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Evergy plan built on coal retirements, grid and renewables investments

Evergy Inc. sees an opportunity to accelerate its emissions reductions and clean energy transition while beefing up reliability, through a newly unveiled strategic plan.

The company on Aug. 5 announced a stand-alone five-year strategic plan designed to increase earnings and capital investments, following the conclusion of an independent review of its business.

"Our new plan sets the stage for significant value creation and a strong future for Evergy and our stakeholders," Evergy President and CEO Terry Bassham said Aug. 5 on the company's second-quarter 2020 earnings call. "Throughout the review, we were focused on three core objectives: maximizing long-term value for our shareholders; serving the best interests of all Evergy stakeholders, including our customers, employees and communities; and continuing to advance our work to successfully create a forward-thinking, sustainable energy company."

The "Sustainability Transformation Plan" was recommended by the strategic review and operations committee and unanimously approved by Evergy's board of directors.

"Our new plan has the potential to expedite CO2 emission reductions by pursuing constructive regulatory mechanisms, economically retire coal-fired generation and expand Evergy's wind and solar footprint," Bassham said. "While we're still targeting 80% reduction in CO2 emissions by 2050, compared to 2005 levels, under this plan we have the potential to reduce CO2 emissions as much as 85% by 2030. A material improvement in our CO2 footprint over the next 10 years."

Evergy's stock continued to fall in early morning trading Aug. 5 after closing down 11.61% at $55.40 on Aug. 4 following media reports that the company would end sales talks and remain independent.

"We see this as very concerning," Guggenheim Securities LLC analyst Shahriar Pourreza wrote in an Aug. 4 report. "We see the potential for a failed sale process as a strong negative, with the focus now turning to [Evergy's] standalone prospects and a somewhat hostile [Kansas Corporation Commission]."

Under its stand-alone plan, Evergy is targeting EPS compounded annual growth of 6% to 8% through 2024, compared to its previous target of 5% to 7% through 2023.

Evergy expects the plan to result in $8.9 billion of base capital investments through 2024, an increase of about $1.4 billion from its prior plan announced in March, which will support 5% to 6% compounded annual rate base growth.

The capital plan is focused on investments that "accelerate decarbonization and grid modernization," according to company management.

"The result is greener, more reliable, affordable energy for our customers and line of sight to continue earnings growth and value creation for Evergy's shareholders," Bassham said.

Evergy expects to invest about $4.8 billion over the next five years to upgrade transmission and distribution infrastructure, as well as customer-facing platforms, to improve reliability and lower operating costs. The plan also outlines the potential for $500 million in asset hardening, distribution automation and technology investments through 2024.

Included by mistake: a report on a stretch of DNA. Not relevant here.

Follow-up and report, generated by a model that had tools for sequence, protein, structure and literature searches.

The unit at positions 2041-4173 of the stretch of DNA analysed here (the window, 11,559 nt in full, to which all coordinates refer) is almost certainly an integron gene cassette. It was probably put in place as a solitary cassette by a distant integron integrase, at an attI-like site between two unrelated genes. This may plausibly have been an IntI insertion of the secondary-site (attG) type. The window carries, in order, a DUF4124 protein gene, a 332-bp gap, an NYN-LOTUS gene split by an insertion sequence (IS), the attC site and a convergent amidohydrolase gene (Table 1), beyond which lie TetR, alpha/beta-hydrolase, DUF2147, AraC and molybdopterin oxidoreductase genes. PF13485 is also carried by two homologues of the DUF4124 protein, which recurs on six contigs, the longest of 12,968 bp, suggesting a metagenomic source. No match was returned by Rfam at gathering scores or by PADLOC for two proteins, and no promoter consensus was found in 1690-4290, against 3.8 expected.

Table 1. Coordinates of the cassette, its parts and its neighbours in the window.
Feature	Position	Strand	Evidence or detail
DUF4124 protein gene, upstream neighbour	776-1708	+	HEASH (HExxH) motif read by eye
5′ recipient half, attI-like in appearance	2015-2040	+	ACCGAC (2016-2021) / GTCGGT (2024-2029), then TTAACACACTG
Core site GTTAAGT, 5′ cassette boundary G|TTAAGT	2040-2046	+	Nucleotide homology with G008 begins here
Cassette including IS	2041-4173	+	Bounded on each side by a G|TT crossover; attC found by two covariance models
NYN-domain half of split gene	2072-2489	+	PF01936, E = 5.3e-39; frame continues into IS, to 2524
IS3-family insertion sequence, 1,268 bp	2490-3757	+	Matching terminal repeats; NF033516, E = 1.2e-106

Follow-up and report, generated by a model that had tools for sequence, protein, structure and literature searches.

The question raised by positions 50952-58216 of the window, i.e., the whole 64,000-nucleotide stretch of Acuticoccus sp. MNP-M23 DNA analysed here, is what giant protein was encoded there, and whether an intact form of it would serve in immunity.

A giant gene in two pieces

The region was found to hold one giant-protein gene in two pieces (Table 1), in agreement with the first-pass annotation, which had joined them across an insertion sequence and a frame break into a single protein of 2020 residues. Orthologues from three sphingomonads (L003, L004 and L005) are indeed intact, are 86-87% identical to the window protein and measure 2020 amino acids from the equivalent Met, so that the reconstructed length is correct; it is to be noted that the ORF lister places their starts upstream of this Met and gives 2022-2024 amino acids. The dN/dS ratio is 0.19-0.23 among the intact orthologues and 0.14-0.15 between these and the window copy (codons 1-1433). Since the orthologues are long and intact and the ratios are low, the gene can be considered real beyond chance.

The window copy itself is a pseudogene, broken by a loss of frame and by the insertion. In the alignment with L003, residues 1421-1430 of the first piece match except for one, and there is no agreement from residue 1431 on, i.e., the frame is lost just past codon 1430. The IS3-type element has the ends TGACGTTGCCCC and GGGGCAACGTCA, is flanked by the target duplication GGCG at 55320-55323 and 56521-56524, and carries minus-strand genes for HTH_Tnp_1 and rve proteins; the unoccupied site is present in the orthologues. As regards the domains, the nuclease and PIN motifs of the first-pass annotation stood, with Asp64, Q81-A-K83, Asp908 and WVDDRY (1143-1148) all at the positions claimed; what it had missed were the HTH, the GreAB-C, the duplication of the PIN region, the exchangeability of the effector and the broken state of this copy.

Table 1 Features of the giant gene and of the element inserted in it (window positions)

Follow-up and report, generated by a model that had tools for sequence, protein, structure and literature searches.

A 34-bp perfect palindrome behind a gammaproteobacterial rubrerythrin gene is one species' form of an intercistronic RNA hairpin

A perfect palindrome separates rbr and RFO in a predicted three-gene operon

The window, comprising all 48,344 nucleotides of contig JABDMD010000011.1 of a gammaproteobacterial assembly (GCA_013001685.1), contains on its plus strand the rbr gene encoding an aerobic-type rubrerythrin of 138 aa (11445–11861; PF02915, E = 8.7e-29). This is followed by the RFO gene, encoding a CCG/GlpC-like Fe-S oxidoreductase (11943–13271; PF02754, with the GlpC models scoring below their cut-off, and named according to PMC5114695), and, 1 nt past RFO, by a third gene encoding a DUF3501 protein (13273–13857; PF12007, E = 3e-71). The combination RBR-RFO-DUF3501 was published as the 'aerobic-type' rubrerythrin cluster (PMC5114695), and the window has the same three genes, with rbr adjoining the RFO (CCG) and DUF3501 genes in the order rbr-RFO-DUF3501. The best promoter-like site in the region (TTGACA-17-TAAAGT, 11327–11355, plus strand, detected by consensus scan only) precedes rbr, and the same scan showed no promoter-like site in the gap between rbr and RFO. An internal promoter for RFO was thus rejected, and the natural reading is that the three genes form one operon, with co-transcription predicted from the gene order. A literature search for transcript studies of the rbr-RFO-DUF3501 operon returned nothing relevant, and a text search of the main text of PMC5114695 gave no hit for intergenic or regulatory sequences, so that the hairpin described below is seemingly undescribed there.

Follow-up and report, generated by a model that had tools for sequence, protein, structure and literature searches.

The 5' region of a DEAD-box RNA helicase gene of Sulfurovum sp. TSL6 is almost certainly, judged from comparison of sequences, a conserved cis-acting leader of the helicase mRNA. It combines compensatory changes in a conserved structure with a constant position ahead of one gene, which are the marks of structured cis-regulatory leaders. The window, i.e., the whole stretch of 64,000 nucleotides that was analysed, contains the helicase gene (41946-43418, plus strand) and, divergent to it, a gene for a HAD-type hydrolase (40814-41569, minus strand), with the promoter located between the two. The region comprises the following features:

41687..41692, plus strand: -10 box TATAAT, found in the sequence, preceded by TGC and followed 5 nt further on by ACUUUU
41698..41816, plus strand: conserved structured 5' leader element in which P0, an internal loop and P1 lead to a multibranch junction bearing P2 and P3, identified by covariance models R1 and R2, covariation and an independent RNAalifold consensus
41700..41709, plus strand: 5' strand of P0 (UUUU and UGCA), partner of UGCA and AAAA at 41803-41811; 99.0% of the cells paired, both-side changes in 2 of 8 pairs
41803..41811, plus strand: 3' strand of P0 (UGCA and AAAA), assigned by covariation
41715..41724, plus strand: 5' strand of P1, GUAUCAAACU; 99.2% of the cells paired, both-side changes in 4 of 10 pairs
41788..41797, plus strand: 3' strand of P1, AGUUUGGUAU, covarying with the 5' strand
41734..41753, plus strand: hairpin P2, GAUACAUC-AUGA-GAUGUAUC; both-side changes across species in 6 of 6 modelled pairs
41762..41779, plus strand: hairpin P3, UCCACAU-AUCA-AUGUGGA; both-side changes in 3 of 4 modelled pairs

Management noted that Evergy has "retired more than 2,400 MW of fossil generation and added or contracted for over 4,600 MW of renewables" in Kansas and Missouri.

Management said further coal retirements would likely come in the back half of its plan.

"It would not be closures in the next couple of years," Bassham said.

New York investment firm Elliott Management Corp. in January unveiled a plan to unlock $5 billion in value at Evergy through either a stand-alone path involving a revamped investment strategy spearheaded by new board members and a new management team or a "premium stock-for-stock merger."

Evergy entered an agreement with Elliott in early March to add two new directors to the board, abandon the remainder of its share repurchase program and start a review process for a potential sale. The review process was delayed a few weeks later due to the coronavirus pandemic.

"The committee conducted a robust and comprehensive process. We had advisers for both the committee and for the company. And yes, we did engage with a number of third parties," Bassham said in response to an analyst's question on interest in a strategic combination. "In the end, the committee and the board both agreed that based on that work and that review, that our standalone plan produced a better long-term shareholder return profile and that that was absolutely the best way to move forward."

The CEO added that "probably the greater risk part of the process would've been on the bidder side."

"Certainly, we think the standalone plan as we've presented today is less risky and more likely to be successful and create more value than a merger situation based on information we gathered through the process we went through," Bassham said.

Evergy executives said the company has been in discussions with regulators in Kansas and Missouri about the business review.

The Kansas Corporation Commission in June agreed to investigate the merits of both strategies.

"In fact, they've made it clear that they don't have a preference for a strategic versus a standalone plan," Bassham said.

The CEO, in response to an analyst's question, said the company believes "the bill impact will be very low" from its strategic plan.

Evergy's plan contemplates no new equity issuances.

The Kansas City, Missouri-headquartered utility was formed in June 2018 following the $15 billion stock-for-stock merger of Midwest electric utilities Westar Energy Inc. and Great Plains Energy Inc.